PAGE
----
A. Certain Acts and Executive Orders

    This final rule establishes a tolerance under section 408 of the
FFDCA. The Office of Management and Budget (OMB) has exempted these
types of actions from review under Executive Order 12866, entitled
Regulatory Planning and Review (58 FR 51735, October 4, 1993). This
final rule does not contain any information collections subject to OMB
approval under the Paperwork Reduction Act (PRA), 44 U.S.C. 3501 et
seq., or impose any enforceable duty or contain any unfunded mandate as
described under Title II of the Unfunded Mandates Reform Act of 1995
(UMRA) (Pub. L. 104-4). Nor does it require any prior consultation as
specified by Executive Order 12875, entitled Enhancing the
Intergovernmental Partnership (58 FR 58093, October 28, 1993), or
special considerations as required by Executive Order 12898, entitled
Federal Actions to Address Environmental Justice in Minority
Populations and Low-Income Populations (59 FR 7629, February 16, 1994),
or require OMB review in accordance with Executive Order 13045,
entitled Protection of Children from Environmental Health Risks and
Safety Risks (62 FR 19885, April 23, 1997).
    In addition, since tolerances and exemptions that are established
on the basis of a petition under FFDCA section 408(l)(6), such as the
tolerance in this final rule, do not require the issuance of a proposed
rule, the requirements of the Regulatory Flexibility Act (RFA) (5
U.S.C. 601 et seq.) do not apply. Nevertheless, the Agency previously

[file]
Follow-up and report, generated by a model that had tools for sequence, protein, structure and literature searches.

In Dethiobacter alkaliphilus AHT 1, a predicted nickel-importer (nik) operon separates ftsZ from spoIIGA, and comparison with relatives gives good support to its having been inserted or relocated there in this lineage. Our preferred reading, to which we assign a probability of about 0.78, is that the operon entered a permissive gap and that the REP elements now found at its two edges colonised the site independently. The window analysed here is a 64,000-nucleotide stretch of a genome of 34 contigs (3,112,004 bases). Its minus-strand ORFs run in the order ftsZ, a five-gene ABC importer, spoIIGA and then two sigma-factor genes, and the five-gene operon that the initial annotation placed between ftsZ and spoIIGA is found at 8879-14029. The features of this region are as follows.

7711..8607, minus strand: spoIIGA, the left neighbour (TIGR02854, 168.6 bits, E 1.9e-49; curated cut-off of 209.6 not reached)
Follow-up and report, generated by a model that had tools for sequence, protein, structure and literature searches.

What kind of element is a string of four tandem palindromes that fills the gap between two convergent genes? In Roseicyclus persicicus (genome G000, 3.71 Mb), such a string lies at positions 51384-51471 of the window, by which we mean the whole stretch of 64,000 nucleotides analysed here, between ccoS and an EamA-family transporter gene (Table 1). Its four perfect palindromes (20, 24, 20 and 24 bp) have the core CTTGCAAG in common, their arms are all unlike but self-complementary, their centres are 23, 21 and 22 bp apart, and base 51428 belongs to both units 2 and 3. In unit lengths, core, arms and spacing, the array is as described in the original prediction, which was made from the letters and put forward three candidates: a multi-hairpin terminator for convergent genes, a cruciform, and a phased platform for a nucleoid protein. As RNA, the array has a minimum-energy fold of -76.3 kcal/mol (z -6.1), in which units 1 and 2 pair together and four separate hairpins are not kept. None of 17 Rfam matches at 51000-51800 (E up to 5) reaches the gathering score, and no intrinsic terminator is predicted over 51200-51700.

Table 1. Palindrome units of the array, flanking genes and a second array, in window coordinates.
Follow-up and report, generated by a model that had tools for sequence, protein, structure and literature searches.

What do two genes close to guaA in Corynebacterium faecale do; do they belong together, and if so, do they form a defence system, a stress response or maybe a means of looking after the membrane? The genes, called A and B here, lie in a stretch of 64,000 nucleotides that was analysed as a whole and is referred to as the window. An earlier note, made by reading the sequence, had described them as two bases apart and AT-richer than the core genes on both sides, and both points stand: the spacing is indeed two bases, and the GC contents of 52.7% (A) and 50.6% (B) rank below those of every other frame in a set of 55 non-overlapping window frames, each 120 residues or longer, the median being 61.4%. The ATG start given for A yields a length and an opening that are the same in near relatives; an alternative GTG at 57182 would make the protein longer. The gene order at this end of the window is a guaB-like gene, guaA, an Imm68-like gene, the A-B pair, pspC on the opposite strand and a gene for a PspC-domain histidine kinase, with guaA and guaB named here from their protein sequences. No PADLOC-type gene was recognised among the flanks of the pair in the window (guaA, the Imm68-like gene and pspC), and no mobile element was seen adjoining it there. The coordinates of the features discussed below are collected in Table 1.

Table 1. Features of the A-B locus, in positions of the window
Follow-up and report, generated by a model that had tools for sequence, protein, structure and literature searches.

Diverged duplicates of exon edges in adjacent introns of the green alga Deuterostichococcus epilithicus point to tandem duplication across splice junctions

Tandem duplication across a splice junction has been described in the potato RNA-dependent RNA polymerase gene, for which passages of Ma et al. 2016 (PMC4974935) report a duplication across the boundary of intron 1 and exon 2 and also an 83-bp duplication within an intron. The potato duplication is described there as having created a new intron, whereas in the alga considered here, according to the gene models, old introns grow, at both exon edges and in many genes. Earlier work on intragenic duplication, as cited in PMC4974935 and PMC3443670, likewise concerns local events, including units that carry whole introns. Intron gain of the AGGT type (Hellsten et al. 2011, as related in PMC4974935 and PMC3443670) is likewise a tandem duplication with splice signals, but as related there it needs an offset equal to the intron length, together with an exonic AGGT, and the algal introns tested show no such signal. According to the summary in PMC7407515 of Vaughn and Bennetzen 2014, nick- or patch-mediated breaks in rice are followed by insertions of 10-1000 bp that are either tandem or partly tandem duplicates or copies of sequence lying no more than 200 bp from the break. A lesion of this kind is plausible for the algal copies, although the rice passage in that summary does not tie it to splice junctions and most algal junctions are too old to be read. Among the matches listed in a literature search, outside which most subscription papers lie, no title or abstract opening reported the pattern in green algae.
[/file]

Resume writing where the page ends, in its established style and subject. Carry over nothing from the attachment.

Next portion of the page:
assessed whether establishing tolerances, exemptions from tolerances,
raising tolerance levels or expanding exemptions might adversely impact
small entities and concluded, as a generic matter, that there is no
adverse economic impact. The factual basis for the Agency's generic
certification for tolerance actions published on May 4, 1981 (46 FR
24950), and was provided to the Chief Counsel for Advocacy of the Small
Business Administration.

B. Executive Order 12875

    Under Executive Order 12875, entitled Enhancing the
Intergovernmental Partnership (58 FR 58093, October 28, 1993), EPA may
not issue a regulation that is not required by statute and that creates
a mandate upon a State, local or tribal government, unless the Federal
government provides the funds necessary to pay the direct compliance
costs incurred by those governments. If the mandate is unfunded, EPA
must provide to OMB a description of the extent of EPA's prior
consultation with representatives of affected State, local, and tribal
governments, the nature of their concerns, copies of any written
communications from the governments, and a statement supporting the
need to issue the regulation. In addition, Executive Order 12875
requires EPA to develop an effective process permitting elected
officials and other representatives of State, local, and tribal
governments "to provide meaningful and timely input in the development
of regulatory proposals containing significant unfunded mandates."
    Today's rule does not create an unfunded Federal mandate on State,
local, or tribal governments. The rule does not impose any enforceable
duties on these entities. Accordingly, the requirements of section 1(a)
of Executive Order 12875 do not apply to this rule.

C. Executive Order 13084

    Under Executive Order 13084, entitled Consultation and Coordination
with Indian Tribal Governments (63 FR 27655, May 19, 1998), EPA may not
issue a regulation that is not required by statute, that significantly
or uniquely affects the communities of Indian tribal governments, and
that imposes substantial direct compliance costs on those communities,
unless the Federal government provides the funds necessary to pay the
direct compliance costs incurred by the tribal governments. If the
mandate is unfunded, EPA must provide OMB, in a separately identified
section of the preamble to the rule, a description of the extent of
EPA's prior consultation with representatives of affected tribal